Instead, Sanders threatened to delay the bill if the Republican senators did not drop their opposition. He said he was prepared to hold the bill up to lobby for tighter restrictions on companies receiving aid from a taxpayer pool of $500 billion.
Sanders then took to the Senate floor in a furious speech over the issue. Mocking the Republican Senators, he said, “Somebody who’s making 12 bucks an hour now, like the rest of us, faces an unprecedented economic crisis. With the $600 bucks on top of their normal, their regular unemployment check, might be making a few bucks more for four months. Oh my word! Will the universe survive?” (Watch the video of his speech here.)
Ultimately, the amendment put forward by Sasse was defeated, and the bill passed the Senate without a single vote against.
At the same time as Sanders was giving a last-minute needed push to the Senate bill, he’s also been pushing his own coronavirus plan. Sanders is calling for the government to cover business’s payroll costs, similar to what has been done in Denmark, and provide $2,000 cash payments to every American every month, as well as expanding unemployment insurance and — crucially–making COVID-19 testing, treatment, and eventual vaccines free. (You can find the full, comprehensive plan here.)
Sanders’ approach to the COVID-19 crisis paints the opposite picture that his opponents attacked him for on the campaign trail. Instead of being a rigid ideologue who insists on his plan and only his plan, he put forward his ideas at the same time as relentlessly pushing for and trying to improve the existing bill.
From Long Shot to Longer Shot
Despite Sanders being front-and-center trying to deal with the coronavirus pandemic, it’s become clear that his shot at winning the Democratic nomination for President is much less likely than it was even a few weeks ago. Sanders’ base is made up of working-class people and youth, folks that normally wouldn’t take the time to vote because they don’t feel represented. These people are even less likely to vote by mail or risk voting in primaries that haven’t been cancelled already.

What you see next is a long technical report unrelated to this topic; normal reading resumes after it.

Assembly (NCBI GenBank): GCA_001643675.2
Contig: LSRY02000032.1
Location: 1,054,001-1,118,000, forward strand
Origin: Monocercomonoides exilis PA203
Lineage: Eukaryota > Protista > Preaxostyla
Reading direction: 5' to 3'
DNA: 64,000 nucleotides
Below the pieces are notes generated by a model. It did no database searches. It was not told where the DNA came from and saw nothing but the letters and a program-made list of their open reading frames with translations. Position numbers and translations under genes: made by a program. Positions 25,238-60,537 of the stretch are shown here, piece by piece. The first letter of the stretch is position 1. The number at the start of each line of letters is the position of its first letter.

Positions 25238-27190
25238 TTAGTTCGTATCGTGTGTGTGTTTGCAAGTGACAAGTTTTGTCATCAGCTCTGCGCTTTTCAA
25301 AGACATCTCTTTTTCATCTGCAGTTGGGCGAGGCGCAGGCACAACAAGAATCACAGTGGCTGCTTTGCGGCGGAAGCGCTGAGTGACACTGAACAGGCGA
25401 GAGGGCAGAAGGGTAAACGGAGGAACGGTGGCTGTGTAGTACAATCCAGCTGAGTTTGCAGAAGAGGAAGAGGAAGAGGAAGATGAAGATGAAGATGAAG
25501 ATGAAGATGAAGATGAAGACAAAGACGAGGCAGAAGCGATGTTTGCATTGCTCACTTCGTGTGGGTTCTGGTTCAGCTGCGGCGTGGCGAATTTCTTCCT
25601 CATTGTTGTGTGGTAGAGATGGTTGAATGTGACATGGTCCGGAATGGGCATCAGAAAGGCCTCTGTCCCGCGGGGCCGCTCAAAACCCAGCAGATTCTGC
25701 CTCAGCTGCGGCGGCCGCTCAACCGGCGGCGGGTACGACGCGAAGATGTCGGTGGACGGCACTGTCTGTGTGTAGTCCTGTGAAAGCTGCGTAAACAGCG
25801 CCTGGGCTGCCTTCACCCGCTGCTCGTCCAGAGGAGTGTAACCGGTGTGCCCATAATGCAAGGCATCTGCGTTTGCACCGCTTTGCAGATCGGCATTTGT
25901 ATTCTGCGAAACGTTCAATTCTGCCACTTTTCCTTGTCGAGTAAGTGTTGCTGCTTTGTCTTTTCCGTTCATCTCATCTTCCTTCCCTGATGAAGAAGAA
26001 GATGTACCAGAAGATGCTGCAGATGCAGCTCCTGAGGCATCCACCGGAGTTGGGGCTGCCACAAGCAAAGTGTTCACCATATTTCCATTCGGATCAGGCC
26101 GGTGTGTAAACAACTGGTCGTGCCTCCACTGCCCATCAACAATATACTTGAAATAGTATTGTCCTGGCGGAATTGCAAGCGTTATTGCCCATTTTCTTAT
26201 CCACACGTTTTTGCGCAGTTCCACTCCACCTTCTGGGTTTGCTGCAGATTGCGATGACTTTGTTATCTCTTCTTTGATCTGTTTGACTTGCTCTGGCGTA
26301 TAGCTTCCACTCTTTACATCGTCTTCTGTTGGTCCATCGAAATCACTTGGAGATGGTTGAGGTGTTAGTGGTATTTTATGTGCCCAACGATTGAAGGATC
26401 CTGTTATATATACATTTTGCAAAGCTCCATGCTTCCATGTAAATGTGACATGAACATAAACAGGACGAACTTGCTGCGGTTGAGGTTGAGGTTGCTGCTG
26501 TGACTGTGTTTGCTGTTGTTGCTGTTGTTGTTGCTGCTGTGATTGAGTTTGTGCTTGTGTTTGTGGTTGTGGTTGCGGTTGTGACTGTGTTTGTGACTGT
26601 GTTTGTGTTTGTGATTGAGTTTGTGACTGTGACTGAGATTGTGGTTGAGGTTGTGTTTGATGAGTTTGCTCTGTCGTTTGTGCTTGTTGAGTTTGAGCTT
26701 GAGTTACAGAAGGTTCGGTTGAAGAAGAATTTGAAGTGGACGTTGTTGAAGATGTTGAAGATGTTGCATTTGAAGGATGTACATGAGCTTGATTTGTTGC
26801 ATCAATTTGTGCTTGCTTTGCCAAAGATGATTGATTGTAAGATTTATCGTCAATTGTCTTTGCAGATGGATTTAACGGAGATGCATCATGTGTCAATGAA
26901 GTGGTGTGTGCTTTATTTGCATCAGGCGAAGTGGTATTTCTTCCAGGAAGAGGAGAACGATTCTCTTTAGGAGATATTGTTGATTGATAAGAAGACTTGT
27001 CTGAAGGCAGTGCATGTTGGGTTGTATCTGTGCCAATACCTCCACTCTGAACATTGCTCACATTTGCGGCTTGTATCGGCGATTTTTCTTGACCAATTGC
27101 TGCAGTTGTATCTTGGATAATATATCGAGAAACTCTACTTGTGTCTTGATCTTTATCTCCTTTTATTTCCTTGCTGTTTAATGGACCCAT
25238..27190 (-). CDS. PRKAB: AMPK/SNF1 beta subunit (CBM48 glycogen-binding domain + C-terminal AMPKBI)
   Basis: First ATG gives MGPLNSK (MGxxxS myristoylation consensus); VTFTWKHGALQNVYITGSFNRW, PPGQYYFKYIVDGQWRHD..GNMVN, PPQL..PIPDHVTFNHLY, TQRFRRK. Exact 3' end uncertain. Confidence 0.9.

Joe Biden swept recent primaries in Florida, Illinois, and Arizona last week as states waffled over whether or not to still hold their primaries on time. (The DNC, for their part, threatened to purge delegates from states that postpone their primary.) Biden, though, has been criticized for disappearing for a week as the coronavirus crisis revealed itself. The only explanation given by his team was that they were dealing with technical challenges of an online campaign — for example, Biden’s low ceilings.
Over the past several weeks, it’s become clear the kind of leader America needs. Sanders shifted his campaign to all-remote work like phonebanking within just days and then headed for the Hill. Reporters asked if he was dropping out, and Sanders had this to say:
“You have to stop with this. I’m dealing with a f*cking global crisis. You know? We’re dealing with it and you’re asking me these questions. Right now I’m trying to do my best to make sure that we don’t have an economic meltdown and that people don’t die. Is that enough to you? To keep you busy for today?” (source)
Sanders’ quick turnaround in this crisis, his broad pro-worker coronavirus plan, and his refusal to allow carveouts to hurt the most vulnerable Americans, shows the kind of leadership America needs.
We can only hope voters remember it, if and when the primaries continue.